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Ian R. Rodriguez, Lambert B. McCarty, Joe E. Toler, and Roy B. Dodd

Use of creeping bentgrass [Agrostis stoloniferous L. var. palustris (Huds.)] on golf greens has expanded into the hotter, more humid regions of the United States where its quality is often low during summer months. The summer decline in bentgrass quality may be partially attributed to respiration rates exceeding photosynthesis during periods of supraoptimal temperatures and adverse soil conditions, such as excessive CO2 and inadequate O2 levels. The objectives of this study were to examine the effects of high temperature, high soil CO2, and irrigation scheduling on creeping bentgrass growth. A growth chamber study was conducted using `A-1' creeping bentgrass. Treatments included all combinations of three day/night temperature regimes (26.5/21 °C, 29.5/24 °C, and 32/26.5 °C), three irrigation schedules (field capacity daily, field capacity every two d, and half field capacity daily), and four soil CO2 injection levels (10%, 5%, 0.03%, and a noinjection control). Creeping bentgrass shoot and root dry weights and net photosynthetic rates were greater for day/night temperatures <32/26.5 °C. High temperatures (32/26.5 °C) and 10% CO2 reduced bentgrass net photosynthesis by 37.5 μmol CO2/m2/s. Shoot and root total nonstructural carbohydrates also were lowest for highest temperature regime. Respiration exceeded gross photosynthesis at 32/26.5 °C when 5% and 10% CO2 injection levels were used, indicating a carbon deficit occurred for these conditions. Irrigation volume and frequency did not affect bentgrass growth. High temperatures combined with high soil CO2 levels produced poorest turf quality.

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Kenneth W. Mudge, Joseph P. Lardner, and Katherine L. Eckenrode

The objective of this study was to determine the feasibility of CO2 enrichment and optimal radiation level for accelerating the rooting and growth of micropropagated Kalmia latifolia cuttings during the Stage IV acclimation period. Inch long microcuttings of the Kalmia cultivars `Elf' and `Carousel' shipped from a commercial micropropagation laboratory, were stuck in flats of peat, and place in a fogging chamber constructed to allow for the simultaneous experimental variation of CO2 level and either radiation level or photoperiod. Treatments consisted of a complete factorial arrangement of 2 levels of CO2 (ambient and 1200 ppm) and 3 levels of radiation (30, 98, and 158 μmoles/m2/sec). The experiment was repeated 6 times. For `Carousel' CO2 enrichment stimulated both shoot and root growth and either the high or medium light level was optimal depending on the experiment. CO2 enrichment also stimulated growth of `Elf' but results were less consistent from experiment to experiment. Similar experiments are in progress with Amelanchier and Lilac microcuttings.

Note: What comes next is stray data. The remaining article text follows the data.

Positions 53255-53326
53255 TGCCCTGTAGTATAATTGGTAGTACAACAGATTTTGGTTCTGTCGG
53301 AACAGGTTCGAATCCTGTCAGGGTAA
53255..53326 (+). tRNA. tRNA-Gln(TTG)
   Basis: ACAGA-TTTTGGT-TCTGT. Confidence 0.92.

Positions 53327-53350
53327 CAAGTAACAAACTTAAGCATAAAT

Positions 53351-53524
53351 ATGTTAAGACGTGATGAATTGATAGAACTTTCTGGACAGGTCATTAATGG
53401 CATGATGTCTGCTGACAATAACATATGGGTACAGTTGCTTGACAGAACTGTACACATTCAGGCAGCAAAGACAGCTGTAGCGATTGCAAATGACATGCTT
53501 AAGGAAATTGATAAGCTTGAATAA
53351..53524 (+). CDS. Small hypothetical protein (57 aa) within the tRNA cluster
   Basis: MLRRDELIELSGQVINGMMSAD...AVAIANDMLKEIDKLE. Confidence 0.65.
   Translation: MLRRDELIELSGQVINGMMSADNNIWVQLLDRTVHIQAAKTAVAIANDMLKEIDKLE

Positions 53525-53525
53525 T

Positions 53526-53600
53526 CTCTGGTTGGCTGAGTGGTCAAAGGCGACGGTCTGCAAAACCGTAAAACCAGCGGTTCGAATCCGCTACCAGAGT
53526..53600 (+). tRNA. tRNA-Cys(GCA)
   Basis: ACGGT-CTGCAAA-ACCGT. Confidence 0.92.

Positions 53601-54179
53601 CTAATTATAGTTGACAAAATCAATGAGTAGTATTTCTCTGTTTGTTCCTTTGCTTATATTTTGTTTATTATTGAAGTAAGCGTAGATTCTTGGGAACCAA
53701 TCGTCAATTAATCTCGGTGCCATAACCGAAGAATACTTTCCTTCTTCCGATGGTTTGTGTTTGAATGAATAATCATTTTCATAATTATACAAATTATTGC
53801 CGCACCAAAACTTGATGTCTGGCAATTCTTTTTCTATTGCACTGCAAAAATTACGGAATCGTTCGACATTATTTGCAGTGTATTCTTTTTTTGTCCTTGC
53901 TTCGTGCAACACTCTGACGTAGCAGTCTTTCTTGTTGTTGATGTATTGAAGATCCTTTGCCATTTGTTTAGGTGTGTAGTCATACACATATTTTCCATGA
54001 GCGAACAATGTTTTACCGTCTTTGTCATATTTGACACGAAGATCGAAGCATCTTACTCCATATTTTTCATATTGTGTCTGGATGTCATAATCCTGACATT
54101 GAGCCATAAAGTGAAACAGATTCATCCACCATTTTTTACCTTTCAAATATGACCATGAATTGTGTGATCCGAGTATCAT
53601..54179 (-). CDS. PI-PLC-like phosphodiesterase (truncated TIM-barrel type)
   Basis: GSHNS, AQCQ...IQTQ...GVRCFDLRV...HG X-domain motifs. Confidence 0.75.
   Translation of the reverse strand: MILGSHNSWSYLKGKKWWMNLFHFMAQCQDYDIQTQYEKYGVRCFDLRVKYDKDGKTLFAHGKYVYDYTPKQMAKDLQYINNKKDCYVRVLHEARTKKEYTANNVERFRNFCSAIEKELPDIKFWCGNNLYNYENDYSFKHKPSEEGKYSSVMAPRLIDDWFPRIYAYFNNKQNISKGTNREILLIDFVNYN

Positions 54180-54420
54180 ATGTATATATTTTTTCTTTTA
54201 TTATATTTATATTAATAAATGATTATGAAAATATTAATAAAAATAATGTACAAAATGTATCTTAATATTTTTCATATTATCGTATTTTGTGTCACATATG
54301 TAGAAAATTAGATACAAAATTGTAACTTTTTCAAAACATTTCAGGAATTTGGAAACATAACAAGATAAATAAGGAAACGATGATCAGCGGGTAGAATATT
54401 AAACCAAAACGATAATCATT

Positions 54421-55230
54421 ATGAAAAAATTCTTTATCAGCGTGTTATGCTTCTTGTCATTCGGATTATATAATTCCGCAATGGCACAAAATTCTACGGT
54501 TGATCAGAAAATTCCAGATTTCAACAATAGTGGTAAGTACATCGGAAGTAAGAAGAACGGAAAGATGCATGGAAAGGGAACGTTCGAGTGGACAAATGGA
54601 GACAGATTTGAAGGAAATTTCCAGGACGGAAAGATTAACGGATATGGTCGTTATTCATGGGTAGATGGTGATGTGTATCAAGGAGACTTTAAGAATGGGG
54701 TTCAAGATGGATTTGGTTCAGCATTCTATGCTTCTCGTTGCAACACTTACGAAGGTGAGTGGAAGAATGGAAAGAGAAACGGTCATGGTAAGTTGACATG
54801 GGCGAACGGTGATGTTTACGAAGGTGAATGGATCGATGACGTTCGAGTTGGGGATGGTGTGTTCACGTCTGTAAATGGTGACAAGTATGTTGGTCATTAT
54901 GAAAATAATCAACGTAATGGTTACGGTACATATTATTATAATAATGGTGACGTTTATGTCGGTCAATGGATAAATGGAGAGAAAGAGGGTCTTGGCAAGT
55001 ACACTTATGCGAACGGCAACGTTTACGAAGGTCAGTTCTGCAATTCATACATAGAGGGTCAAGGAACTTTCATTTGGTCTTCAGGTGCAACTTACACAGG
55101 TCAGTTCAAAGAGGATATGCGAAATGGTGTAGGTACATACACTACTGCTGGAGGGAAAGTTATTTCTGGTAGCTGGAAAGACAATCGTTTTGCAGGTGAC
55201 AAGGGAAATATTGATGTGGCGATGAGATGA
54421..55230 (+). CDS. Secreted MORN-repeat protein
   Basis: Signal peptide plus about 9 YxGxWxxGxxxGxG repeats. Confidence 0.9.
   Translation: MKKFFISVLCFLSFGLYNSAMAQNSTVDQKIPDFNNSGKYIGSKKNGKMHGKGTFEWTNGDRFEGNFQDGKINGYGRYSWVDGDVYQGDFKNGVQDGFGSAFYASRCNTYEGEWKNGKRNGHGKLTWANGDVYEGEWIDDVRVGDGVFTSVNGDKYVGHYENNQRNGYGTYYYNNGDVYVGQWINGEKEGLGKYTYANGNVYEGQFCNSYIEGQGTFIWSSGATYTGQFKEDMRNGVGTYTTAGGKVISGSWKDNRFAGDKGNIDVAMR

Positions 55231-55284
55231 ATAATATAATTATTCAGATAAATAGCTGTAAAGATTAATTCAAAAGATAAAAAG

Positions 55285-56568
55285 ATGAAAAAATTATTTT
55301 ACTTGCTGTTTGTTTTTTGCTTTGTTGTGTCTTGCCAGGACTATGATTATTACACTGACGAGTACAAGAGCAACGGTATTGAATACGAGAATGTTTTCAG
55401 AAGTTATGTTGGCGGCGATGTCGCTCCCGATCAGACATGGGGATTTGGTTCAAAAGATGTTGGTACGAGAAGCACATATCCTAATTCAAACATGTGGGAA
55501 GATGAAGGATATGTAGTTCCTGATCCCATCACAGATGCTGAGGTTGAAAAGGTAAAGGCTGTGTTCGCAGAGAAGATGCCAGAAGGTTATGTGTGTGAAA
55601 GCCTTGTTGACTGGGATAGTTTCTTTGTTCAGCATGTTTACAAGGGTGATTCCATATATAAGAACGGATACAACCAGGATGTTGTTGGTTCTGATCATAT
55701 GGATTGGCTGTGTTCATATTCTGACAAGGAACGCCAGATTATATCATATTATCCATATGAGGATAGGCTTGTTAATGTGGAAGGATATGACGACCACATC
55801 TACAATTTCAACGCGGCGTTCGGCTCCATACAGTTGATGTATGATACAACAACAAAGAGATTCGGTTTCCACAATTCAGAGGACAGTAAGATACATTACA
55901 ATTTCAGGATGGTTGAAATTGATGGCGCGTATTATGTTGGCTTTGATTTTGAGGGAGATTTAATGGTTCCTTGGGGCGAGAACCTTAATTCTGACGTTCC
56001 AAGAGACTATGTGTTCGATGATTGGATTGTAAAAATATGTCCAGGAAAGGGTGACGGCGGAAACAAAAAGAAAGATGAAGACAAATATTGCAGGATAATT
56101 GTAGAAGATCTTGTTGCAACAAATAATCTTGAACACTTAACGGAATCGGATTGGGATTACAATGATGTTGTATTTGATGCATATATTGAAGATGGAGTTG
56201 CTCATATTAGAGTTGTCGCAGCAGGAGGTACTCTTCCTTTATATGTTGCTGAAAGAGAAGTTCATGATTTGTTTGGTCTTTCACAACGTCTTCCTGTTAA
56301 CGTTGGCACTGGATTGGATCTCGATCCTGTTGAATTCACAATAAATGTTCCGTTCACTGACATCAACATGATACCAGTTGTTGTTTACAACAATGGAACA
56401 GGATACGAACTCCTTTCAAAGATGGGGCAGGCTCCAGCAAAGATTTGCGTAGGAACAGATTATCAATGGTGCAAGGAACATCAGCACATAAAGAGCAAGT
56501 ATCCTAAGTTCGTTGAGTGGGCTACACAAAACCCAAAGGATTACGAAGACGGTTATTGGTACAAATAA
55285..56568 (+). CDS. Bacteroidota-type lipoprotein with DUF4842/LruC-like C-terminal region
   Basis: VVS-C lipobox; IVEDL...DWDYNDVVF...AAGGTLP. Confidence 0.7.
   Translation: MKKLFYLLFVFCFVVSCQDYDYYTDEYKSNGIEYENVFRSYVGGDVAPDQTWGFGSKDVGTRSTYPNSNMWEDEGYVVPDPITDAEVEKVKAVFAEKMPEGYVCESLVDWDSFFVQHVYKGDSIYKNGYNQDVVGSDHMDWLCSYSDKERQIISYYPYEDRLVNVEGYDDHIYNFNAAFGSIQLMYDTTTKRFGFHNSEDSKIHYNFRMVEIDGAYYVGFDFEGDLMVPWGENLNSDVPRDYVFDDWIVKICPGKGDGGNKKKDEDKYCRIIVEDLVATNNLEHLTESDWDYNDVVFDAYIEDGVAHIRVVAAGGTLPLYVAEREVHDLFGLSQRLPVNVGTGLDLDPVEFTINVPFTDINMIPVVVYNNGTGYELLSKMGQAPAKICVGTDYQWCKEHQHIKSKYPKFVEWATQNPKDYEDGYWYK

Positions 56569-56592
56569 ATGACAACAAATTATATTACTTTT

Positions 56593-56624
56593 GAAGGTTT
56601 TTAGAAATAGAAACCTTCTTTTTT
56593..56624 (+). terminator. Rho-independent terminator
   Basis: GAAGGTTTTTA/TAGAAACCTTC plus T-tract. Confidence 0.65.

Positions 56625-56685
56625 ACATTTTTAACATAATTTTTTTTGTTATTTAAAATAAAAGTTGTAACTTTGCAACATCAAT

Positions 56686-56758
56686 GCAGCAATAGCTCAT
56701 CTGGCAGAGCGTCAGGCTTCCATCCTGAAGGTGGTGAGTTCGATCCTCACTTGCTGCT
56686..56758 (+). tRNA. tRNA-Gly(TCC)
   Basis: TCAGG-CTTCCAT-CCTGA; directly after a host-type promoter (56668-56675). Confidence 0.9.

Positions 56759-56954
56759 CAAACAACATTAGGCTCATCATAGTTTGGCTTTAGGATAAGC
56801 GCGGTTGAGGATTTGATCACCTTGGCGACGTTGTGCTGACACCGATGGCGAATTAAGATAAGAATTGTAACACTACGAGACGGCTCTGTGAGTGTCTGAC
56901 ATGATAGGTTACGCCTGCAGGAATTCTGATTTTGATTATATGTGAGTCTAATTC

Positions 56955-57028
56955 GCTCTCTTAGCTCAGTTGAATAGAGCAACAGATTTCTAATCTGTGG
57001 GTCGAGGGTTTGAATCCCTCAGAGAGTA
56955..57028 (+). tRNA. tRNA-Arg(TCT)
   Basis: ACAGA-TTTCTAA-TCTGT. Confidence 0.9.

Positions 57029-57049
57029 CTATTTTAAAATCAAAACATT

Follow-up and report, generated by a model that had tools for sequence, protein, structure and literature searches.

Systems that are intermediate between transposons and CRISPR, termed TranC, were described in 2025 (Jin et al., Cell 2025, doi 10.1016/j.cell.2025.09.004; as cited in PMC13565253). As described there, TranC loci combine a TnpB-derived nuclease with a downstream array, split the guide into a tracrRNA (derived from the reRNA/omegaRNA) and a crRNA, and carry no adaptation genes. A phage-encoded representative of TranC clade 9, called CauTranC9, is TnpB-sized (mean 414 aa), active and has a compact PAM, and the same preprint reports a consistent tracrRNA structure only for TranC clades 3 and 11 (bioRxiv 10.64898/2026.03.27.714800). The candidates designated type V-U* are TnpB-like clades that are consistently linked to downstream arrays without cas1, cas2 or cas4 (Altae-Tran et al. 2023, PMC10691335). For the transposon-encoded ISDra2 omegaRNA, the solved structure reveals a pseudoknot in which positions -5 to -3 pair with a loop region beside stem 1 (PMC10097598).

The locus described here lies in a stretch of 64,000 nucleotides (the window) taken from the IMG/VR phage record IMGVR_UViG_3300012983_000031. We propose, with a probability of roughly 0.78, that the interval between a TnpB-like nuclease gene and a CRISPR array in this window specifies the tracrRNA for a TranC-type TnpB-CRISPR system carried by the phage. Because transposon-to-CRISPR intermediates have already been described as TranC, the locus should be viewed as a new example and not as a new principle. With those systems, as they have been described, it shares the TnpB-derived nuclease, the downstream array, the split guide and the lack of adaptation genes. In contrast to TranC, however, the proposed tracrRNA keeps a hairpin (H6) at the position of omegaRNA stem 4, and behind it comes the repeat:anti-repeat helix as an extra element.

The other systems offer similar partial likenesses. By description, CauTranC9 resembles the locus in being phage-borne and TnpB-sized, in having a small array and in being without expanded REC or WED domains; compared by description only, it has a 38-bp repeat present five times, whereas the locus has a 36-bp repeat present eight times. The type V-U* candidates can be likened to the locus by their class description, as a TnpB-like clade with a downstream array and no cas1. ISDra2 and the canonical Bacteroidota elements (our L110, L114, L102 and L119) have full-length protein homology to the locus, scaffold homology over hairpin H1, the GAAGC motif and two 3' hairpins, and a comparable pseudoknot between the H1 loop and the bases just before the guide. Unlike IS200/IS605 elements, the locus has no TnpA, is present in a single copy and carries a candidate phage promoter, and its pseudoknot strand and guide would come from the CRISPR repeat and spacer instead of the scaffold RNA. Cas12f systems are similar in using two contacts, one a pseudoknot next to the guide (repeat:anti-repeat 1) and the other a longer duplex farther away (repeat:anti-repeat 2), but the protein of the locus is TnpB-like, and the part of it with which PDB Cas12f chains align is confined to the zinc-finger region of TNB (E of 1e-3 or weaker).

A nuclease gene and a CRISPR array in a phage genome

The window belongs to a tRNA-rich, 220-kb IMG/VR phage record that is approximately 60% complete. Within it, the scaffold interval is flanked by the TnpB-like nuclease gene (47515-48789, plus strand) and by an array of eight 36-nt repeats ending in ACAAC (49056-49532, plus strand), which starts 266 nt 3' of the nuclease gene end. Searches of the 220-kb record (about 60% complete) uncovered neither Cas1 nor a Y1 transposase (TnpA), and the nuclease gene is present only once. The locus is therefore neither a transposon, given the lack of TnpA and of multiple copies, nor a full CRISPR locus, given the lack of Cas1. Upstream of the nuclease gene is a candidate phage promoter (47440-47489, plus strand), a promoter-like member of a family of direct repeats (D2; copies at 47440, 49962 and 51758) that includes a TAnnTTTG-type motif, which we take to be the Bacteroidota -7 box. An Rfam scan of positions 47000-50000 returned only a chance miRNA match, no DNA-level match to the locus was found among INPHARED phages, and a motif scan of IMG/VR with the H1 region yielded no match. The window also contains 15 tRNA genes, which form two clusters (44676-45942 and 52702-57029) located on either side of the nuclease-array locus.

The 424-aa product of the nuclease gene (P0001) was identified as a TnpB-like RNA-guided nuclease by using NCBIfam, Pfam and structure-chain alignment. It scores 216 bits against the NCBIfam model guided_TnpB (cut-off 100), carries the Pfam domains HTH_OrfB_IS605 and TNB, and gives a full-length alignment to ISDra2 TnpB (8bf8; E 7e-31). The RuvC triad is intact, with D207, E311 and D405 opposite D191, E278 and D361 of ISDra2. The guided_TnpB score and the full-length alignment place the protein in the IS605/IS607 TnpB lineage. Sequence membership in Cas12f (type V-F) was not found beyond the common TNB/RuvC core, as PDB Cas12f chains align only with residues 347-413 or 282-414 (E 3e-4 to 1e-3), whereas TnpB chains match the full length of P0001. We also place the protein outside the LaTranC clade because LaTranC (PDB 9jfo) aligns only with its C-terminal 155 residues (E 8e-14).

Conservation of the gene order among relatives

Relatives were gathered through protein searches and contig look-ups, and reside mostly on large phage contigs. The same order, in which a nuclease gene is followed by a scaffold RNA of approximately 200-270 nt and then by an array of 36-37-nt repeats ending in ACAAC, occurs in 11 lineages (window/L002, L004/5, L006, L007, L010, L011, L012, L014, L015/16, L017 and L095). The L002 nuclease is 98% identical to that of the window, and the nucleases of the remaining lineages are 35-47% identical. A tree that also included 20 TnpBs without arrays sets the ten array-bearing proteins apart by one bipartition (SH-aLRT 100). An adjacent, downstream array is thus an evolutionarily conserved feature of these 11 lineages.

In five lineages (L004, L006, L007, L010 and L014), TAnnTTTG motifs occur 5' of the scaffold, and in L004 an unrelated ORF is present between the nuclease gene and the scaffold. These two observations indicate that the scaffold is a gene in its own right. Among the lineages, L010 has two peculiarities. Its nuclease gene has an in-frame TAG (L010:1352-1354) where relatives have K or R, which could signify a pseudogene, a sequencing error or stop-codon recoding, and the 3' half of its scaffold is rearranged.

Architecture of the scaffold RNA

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R.E. Moran, D.E. Deyton, C.E. Sams, J. Cummins, and C.D. Pless

Soybean oil can be used as an alternative pesticide for fruit trees. Two separate studies were conducted to determine the effects of oil concentration on leaf phytotoxicity and net CO2 assimilation (ACO2). In one study, concentrations of 0%, 2%, 4%, and 6% soybean oil in water were applied to individual shoots with a hand-held mist bottle. In the second study, 0%, 1.0%, and 1.5% were applied to whole trees with an airblast sprayer. Petroleum oil was applied as a separate treatment. Net CO2 assimilation was measured on single leaves. Oil residue was removed from the leaf with chloroform, dried, and weighed. Chlorosis and defoliation occurred with applications of 4% and 6% soybean oil. No visible phytotoxicity occurred with 2% or less oil. Net CO2 assimilation decreased as the rate of soybean oil increased from 0% to 4% oil, but there was no difference between 4% and 6%. Net CO2 assimilation decreased with increasing oil concentration from 0% to 1.5% and recovered to the rate of the control on day 7. Net CO2 assimilation was negatively related to oil residue. At an equivalent oil residue, there was no difference in ACO2 between petroleum and soybean oil. Below a residue of 0.15 mg·cm–2, foliar phytoxicity did not occur. Reductions in ACO2 were small and did not last longer than 7 days if residues were ≤0.10 mg·cm–2.

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Theophanes Solomos and John C. Bouwkamp

Previous observations have shown that the diffusivity of water vapors is much larger than the value that is predicted theoretically from the magnitude of the diffusion coefficient of CO2, C2H4, or both. This has been ascribed to the ability of water to diffuse through the cuticle and to the transport of water via the capillaries of cellulase micorfibrels to the surface of the lenticels, where it evaporates. We measured the diffusivity of CO2 in `Gala' and `Granny Smith' apples. The former are more permeable to CO2 than the latter cultivar, in particular after prolonged storage at 2°C. The diffusivity of H2O was 10- to 20-fold larger than that of CO2. Furthermore, the ratio of D(H2O)/D(CO2) was similar for both cultivars. Infiltration of dyes and gas flow through apples submerged in water show that in `Gala' apples, the number of open lenticels is larger than in `Granny Smith'. Thus, the data indicate that lenticels are the main avenue of gas exchange in apples.